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The GW Hatchet


The GW Hatchet

Serving the GW Community since 1904

The GW Hatchet

New sustainable fund will test limits of eco-friendly investing, experts say

Meghan Chapple, the director of the Office of Sustainability, said the University doesn’t believe that divestment is the sole or best way to mitigate the effects of climate change.

GW’s new eco-friendly investment fund could set a standard for social responsibility, but experts say its overall financial impact will likely be negligible.

Officials revealed plans last week to invest $2 million of the University’s $1.7 billion endowment in a fund dedicated to sustainable companies. Experts said there is a common misperception that these types of funds are not economically viable, but they said even if the fund underperforms, it’s not large enough to affect the University’s overall financial wellbeing.

University spokeswoman Lindsay Hamilton said the Board of Trustees’ finance and audit committee will review the performance of the fund, as it does for all of the University’s investments.

She declined to say how the University expects the fund to perform or how officials ensured sustainable investments aligned with GW’s overall financial strategy.

The move follows a yearslong push from student activists for the University to divest from fossil fuel companies in its endowment. Administrators rejected the results of a student vote favoring divestment in 2016, saying that such a move wasn’t part of the University’s investment strategy.

Meghan Chapple, the director of the Office of Sustainability, said the University doesn’t believe that divestment is the sole or best way to mitigate the effects of climate change, pointing to efforts like the University’s goal to neutralize its greenhouse gas emissions by 2040.

Before committing to launch the new sustainable fund, officials said it would fall in line with the University’s overall investment strategy.

Investments in the fund, which is expected to be implemented by the end of the month, will be evaluated according to environmental, social and government standards – which look at a company’s energy use and waste to ensure it’s socially conscious. The fund will not invest in major oil, gas and coal companies, and all returns will be redirected to student financial aid, officials and student leaders said.

GW’s endowment grew by more than 10 percent last fiscal year, an increase officials attributed to a strong investment performance. Student Association President Peak Sen Chua said he hopes the fund will eventually expand to comprise 1 percent of GW’s total endowment – about $17.3 million.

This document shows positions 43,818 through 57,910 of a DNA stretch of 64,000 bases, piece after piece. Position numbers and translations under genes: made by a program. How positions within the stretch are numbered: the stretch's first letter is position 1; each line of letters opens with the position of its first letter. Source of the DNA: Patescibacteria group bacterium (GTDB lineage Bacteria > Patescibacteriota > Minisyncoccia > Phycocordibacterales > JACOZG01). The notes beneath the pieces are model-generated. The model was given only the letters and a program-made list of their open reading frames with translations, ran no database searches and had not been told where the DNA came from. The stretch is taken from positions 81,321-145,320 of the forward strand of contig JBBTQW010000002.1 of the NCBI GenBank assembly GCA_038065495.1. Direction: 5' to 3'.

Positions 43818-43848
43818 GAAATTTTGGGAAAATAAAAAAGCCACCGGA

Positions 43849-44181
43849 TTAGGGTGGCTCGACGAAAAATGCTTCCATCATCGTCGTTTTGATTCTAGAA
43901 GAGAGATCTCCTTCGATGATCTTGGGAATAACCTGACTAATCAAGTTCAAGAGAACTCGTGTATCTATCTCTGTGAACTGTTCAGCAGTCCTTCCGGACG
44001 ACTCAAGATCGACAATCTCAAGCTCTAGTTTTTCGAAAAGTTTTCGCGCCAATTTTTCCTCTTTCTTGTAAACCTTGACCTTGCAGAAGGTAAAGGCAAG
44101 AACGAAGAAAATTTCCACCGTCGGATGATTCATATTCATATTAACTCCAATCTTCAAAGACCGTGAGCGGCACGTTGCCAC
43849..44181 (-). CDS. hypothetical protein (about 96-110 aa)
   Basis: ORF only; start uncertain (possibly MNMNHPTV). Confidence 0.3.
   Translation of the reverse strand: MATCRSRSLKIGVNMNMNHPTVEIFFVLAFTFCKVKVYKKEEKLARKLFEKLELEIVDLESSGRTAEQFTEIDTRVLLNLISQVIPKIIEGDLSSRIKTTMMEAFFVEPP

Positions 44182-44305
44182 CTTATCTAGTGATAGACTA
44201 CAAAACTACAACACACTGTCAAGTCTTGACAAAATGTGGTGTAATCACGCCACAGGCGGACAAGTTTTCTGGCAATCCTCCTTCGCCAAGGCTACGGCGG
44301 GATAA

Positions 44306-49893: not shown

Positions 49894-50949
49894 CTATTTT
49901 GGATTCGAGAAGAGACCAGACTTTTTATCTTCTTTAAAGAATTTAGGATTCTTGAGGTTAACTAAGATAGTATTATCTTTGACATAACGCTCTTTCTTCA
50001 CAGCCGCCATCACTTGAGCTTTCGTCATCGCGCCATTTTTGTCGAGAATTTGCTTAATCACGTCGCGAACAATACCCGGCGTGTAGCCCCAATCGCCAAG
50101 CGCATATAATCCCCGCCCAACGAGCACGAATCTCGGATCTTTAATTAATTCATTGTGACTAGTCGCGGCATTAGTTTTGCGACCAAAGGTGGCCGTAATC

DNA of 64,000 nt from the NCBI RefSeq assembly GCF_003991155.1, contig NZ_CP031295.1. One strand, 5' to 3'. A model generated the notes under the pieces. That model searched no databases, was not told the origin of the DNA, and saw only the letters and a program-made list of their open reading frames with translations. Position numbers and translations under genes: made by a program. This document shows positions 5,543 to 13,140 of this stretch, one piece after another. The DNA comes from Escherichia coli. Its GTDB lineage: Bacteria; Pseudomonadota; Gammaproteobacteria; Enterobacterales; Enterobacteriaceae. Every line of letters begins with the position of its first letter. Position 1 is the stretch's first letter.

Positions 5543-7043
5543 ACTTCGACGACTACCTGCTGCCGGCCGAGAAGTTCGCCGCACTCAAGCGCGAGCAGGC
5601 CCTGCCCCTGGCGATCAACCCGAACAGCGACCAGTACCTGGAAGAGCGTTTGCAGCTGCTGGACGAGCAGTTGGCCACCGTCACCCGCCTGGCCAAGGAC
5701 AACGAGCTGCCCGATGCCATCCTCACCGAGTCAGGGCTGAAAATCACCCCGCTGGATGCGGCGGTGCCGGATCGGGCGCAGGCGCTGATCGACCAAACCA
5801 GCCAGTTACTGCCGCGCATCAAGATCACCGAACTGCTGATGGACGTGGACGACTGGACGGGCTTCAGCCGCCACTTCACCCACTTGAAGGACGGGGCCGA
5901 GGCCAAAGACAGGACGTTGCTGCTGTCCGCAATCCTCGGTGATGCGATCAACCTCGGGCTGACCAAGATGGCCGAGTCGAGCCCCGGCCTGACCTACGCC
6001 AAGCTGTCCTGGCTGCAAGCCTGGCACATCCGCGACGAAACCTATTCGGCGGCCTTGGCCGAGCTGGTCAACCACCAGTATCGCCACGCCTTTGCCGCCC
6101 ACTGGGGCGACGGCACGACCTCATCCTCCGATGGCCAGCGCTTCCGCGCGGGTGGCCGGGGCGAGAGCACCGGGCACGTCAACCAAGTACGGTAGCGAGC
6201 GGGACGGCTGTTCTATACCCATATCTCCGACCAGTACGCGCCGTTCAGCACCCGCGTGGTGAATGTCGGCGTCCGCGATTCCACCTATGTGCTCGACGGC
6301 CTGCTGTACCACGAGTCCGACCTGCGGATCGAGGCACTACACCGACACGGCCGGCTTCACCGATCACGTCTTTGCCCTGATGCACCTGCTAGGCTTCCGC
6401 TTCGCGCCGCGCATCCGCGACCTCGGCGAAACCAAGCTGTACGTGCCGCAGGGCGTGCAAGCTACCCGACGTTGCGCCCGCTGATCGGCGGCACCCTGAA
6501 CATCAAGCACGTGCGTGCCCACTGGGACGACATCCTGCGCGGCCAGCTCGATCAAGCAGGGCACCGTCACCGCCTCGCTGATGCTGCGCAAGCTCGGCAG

Derek Hammel, the director of investment and treasury operations at Middlebury College, said the 1 percent goal may not be feasible at this early stage of the initiative.

“I think out of the gate that’s a big ask,” he said. “Once you start building experience, and hopefully if it does well and the markets continue to be strong and once you have a little bit of a track record, I think then you’ll be in a better position to ask for that large of an amount.”

If the fund proves to be successful, Hammel said it can help remove the “stigma” that eco-friendly investing is less profitable, which isn’t true in all cases.

“It will help if you can get the word out that this kind of investment makes money and to remove the stigma that green investing brings back lower returns and there’s tons of debate on this, back and forth, about can it work and does it work.” he said.

Georges Dyer, a principal of the Intentional Endowments Network, a nonprofit that helps companies and universities learn about sustainable investments, said universities are often wary of full divestment from fossil fuel companies, fearing it may pressure them to make similar moves in other industries perceived to have negative social impacts. But Dyer said divestment does not automatically lead to a loss of investment income.

More than 15 campuses have fully divested from fossil fuels, according to the University of Wisconsin’s environmental studies department.

“There’s been a lot of studies and research that shows that divesting from fossil fuels from any sector has typically very little impact on long term performance, but still that is the most common concern for investors not to divest,” he said.

Dyer’s group, which favors sustainable investing, studied funds that use socially conscious standards and found that these types of efforts help diversify investments and typically perform similarly compared to funds that don’t use environmental standard.

The University has not divulged its investments in fossil fuel companies or announced plans for full divestment.

Glenn Barnes, the associate director of University of North Carolina’s Environmental Finance Center, said the economic viability of the new fund depends on how officials define a sustainable company.

Narrowing the fund to only companies that deal directly with eco-friendly products might make it harder for it to achieve success, he said.

“You’ve got to have a definition of what that means in a company, so if that means that you’re going to support a company that manufactures solar panels, that may be an example, or it could be a company that’s not that at all but that has good corporate or sustainable practices, like Amazon,” Barnes said.

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